Full blocking sanctions on Russian elites and their family members, including sanctions on: President Putin’s adult children, Foreign Minister Lavrov’s wife and daughter, and members of Russia’s Security Council including former President and Prime Minister of Russia Dmitry Medvedev and Prime Minister Mikhail Mishustin. These individuals have enriched themselves at the expense of the Russian people.  Some of them are responsible for providing the support necessary to underpin Putin’s war on Ukraine. This action cuts them off from the U.S. financial system and freezes any assets they hold in the United States.

The U.S. Treasury prohibited Russia from making debt payments with funds subject to U.S. jurisdiction. Sanctions do not preclude payments on Russian sovereign debt at this time, provided Russia uses funds outside of U.S. jurisdiction. However, Russia is a global financial pariah — and it will now need to choose between draining its available funds to make debt payments or default. 

Commitment to supporting sectors essential to humanitarian activities. As we continue escalating our sanctions and other economic measures against Russia for its brutal war against Ukraine, we reiterate our commitment to exempting essential humanitarian and related activities that benefit the Russian people and people around the world: ensuring the availability of basic foodstuffs and agricultural commodities, safeguarding access to medicine and medical devices, and enabling telecommunications services to support the flow of information and access to the internet which provides outside perspectives to the Russian people. These activities are not the target of our efforts, and U.S. and Western companies can continue to operate in these sectors in Russia. When necessary, relevant departments and agencies will issue appropriate exemptions and carveouts to ensure such activity is not disrupted.”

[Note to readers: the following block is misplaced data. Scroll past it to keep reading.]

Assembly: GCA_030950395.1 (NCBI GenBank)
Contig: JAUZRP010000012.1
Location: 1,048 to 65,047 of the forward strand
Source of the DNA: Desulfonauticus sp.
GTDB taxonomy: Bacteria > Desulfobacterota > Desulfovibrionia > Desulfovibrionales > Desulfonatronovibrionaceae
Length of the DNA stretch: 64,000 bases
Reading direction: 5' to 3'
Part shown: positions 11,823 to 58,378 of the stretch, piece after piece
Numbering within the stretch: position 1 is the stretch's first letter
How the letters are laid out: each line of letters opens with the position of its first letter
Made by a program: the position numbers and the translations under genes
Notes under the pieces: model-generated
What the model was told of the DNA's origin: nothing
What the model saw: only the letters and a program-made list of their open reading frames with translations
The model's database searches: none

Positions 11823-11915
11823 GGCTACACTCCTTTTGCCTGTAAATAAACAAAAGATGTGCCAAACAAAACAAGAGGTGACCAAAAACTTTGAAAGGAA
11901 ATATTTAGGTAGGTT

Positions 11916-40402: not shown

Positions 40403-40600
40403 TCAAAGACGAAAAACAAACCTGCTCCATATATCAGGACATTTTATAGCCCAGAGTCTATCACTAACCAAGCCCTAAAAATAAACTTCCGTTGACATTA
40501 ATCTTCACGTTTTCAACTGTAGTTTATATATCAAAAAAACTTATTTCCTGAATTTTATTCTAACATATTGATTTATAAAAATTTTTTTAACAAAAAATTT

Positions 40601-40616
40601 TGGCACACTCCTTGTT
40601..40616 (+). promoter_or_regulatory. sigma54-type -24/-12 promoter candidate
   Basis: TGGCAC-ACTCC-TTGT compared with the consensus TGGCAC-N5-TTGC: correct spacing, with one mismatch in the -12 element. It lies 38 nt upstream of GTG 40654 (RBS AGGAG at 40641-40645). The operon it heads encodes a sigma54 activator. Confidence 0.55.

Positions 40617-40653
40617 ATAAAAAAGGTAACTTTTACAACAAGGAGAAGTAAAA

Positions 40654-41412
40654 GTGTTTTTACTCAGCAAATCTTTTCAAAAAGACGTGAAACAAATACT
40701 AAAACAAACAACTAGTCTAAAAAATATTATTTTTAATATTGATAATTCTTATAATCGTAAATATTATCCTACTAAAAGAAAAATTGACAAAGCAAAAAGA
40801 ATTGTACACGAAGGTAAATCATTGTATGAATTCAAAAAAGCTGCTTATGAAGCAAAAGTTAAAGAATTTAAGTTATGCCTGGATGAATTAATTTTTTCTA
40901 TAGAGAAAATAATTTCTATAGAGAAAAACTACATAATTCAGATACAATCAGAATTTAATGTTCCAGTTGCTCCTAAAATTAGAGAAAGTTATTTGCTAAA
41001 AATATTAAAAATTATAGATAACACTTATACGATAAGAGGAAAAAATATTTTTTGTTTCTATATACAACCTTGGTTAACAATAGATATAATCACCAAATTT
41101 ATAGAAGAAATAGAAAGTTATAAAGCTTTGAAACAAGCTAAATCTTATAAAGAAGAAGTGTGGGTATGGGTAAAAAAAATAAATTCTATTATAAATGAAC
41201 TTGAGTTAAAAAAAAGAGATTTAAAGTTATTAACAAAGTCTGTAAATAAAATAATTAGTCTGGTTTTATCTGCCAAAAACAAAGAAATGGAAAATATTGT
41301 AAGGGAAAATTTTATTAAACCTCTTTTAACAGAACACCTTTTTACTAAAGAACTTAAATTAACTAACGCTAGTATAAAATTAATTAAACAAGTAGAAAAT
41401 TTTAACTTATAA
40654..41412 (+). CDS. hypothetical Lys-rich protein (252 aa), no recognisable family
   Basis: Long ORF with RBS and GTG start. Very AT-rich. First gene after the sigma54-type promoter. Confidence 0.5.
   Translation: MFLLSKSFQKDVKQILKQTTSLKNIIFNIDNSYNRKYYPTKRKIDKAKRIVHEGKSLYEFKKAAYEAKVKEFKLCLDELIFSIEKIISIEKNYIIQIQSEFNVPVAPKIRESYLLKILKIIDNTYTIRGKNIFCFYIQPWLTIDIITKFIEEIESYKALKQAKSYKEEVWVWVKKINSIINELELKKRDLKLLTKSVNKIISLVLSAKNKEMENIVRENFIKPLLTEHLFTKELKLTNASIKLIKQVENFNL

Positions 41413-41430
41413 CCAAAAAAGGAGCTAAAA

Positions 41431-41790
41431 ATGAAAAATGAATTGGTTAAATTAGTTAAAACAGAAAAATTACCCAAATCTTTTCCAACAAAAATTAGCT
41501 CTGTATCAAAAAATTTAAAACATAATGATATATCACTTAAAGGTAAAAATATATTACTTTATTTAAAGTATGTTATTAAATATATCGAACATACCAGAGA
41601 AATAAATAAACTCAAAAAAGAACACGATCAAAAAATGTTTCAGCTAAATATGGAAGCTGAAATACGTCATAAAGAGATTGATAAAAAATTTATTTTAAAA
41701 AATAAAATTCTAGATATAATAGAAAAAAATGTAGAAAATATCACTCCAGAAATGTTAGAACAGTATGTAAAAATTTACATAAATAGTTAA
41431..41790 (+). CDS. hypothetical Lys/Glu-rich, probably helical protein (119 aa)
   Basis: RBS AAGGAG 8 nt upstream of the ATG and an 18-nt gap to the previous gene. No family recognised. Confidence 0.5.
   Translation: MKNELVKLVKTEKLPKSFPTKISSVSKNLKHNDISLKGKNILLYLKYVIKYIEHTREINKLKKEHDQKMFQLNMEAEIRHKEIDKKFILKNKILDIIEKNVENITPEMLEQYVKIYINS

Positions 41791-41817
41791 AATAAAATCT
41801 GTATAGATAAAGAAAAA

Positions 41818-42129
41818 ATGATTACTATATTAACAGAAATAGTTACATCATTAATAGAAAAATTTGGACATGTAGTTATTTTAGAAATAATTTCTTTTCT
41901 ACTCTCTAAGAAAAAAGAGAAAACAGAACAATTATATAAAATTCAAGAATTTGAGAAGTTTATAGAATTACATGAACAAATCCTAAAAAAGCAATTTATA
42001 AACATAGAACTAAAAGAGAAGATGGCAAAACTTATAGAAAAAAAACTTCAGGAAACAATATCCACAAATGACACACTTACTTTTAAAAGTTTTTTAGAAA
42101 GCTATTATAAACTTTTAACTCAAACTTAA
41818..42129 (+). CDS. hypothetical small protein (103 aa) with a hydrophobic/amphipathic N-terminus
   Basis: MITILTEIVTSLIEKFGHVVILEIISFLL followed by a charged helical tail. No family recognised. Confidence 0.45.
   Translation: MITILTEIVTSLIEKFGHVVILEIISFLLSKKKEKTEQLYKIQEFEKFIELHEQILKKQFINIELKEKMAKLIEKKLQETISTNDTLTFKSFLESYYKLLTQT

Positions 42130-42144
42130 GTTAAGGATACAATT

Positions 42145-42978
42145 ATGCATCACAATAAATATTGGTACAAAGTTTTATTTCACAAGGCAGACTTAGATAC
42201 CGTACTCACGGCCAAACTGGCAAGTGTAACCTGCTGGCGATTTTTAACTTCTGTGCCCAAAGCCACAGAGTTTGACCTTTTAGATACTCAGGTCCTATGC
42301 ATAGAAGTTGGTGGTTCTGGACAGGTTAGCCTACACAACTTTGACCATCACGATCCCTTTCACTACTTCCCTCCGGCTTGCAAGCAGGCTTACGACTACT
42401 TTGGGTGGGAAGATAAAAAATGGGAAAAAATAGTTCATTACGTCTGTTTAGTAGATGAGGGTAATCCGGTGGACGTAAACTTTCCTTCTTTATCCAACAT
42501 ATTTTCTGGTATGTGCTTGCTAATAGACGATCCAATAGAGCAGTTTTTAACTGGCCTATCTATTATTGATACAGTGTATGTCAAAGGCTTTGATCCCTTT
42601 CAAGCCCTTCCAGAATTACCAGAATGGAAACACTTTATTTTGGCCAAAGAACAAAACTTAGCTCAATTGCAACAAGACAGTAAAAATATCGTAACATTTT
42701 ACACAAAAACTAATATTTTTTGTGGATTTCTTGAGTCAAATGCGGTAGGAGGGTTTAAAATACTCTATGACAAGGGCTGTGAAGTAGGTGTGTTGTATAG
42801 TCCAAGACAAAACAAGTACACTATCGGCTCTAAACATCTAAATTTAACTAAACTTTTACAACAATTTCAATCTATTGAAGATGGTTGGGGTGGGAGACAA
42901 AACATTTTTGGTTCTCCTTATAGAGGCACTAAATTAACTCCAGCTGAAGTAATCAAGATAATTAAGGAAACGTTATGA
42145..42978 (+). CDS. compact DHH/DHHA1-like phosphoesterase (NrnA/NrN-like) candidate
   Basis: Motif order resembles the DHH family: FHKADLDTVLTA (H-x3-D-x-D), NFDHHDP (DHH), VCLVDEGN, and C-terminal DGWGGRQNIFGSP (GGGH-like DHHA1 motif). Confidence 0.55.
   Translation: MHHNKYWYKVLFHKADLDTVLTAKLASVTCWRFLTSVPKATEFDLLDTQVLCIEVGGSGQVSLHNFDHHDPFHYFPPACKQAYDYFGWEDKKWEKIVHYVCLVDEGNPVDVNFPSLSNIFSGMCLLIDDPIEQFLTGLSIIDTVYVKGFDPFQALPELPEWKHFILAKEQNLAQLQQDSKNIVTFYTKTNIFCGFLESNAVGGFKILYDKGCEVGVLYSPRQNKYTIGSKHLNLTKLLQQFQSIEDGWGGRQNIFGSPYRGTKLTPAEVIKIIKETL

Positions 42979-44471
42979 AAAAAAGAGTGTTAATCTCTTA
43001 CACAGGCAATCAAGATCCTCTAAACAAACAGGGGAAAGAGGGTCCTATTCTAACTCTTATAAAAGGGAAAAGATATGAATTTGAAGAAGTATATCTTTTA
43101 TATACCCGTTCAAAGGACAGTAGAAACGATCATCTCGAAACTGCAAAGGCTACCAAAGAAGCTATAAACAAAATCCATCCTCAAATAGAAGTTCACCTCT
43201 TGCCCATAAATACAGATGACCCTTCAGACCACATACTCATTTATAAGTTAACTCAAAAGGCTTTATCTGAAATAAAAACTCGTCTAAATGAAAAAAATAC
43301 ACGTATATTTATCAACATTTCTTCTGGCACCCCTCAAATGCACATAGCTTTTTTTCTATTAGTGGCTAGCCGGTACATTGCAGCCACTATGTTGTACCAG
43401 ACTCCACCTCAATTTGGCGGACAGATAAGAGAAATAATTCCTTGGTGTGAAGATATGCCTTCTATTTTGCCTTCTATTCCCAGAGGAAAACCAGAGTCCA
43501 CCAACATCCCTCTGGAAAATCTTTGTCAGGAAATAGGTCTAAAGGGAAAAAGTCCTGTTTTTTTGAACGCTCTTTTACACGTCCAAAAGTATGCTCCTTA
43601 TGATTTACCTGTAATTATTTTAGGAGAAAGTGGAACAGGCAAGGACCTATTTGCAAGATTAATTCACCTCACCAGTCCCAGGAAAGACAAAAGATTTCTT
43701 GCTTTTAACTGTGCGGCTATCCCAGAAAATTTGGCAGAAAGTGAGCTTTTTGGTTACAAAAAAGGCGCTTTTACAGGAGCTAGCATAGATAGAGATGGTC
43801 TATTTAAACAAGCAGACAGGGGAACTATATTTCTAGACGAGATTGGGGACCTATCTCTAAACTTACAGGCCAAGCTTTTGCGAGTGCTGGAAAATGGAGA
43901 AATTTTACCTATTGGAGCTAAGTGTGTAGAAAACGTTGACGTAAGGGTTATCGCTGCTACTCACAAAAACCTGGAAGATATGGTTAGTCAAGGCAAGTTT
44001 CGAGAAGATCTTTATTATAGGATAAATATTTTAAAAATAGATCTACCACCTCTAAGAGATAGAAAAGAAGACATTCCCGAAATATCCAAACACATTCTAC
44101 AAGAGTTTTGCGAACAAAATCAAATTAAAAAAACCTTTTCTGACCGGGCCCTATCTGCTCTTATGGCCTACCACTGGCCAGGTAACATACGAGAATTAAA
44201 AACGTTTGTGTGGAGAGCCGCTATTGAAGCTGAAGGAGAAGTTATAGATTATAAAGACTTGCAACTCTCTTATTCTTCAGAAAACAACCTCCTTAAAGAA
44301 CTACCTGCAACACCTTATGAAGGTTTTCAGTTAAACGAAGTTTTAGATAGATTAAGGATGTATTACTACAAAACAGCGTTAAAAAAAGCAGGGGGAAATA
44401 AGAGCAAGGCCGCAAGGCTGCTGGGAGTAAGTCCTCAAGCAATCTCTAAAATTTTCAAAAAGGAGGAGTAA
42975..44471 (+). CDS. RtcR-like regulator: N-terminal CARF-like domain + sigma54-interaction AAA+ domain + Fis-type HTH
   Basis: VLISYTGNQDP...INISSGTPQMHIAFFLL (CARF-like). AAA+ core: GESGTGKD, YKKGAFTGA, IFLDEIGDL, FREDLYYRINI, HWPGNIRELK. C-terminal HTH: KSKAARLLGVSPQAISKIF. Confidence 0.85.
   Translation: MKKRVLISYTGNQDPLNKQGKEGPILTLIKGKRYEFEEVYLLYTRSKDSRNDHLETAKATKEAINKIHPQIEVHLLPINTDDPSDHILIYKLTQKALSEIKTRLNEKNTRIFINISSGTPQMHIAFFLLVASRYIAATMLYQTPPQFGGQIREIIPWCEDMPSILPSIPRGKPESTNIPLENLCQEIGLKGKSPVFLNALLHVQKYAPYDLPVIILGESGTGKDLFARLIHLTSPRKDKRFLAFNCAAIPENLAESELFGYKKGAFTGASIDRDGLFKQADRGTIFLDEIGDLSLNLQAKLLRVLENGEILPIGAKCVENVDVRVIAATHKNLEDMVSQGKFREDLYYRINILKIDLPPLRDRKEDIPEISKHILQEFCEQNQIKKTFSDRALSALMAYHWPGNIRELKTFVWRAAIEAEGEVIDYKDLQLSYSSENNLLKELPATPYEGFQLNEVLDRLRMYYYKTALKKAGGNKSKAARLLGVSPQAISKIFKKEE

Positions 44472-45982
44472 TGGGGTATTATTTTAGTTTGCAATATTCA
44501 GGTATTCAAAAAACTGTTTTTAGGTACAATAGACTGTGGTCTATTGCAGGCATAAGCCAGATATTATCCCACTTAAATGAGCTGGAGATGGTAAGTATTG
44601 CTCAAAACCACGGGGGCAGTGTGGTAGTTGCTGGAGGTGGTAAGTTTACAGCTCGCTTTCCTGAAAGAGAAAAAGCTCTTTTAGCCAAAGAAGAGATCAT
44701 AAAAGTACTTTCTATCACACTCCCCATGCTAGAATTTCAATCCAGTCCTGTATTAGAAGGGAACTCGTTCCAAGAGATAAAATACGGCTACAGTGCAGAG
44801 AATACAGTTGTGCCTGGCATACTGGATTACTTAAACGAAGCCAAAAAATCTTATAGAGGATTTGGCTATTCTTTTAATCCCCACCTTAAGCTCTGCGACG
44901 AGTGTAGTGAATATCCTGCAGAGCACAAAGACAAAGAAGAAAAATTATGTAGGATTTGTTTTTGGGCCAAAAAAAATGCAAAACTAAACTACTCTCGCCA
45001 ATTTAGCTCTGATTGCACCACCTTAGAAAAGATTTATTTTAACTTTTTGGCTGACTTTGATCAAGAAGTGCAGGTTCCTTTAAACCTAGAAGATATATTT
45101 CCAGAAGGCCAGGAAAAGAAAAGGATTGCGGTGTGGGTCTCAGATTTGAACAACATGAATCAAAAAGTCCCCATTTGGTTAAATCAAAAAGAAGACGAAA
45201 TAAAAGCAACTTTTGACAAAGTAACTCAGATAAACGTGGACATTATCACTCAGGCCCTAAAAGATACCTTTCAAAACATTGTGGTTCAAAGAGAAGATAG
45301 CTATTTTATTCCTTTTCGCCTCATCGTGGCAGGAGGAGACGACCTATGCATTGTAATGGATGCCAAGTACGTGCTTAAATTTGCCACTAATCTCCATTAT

Similarly, the European Commission announced proposed additional sanctions (fifth round) on April 5 and agreed sanctions were announced by the Council of the European Union on April 8. See Press statement by President von der Leyen on the fifth round of sanctions against Russia, Strasbourg, 5 April 2022, https://ec.europa.eu/commission/presscorner/detail/en/STATEMENT_22_2281; Council of the EU Press release, 8 April 2022, EU adopts fifth round of sanctions against Russia over its military aggression against
Ukraine, https://www.consilium.europa.eu/en/press/press-releases/2022/04/08/eu-adopts-fifth-round-of-sanctions-against-russia-over-its-military-aggression-against-ukraine/; Official Journal of the European Union, L111, 8 April 2022. The Council’s statement is copied below.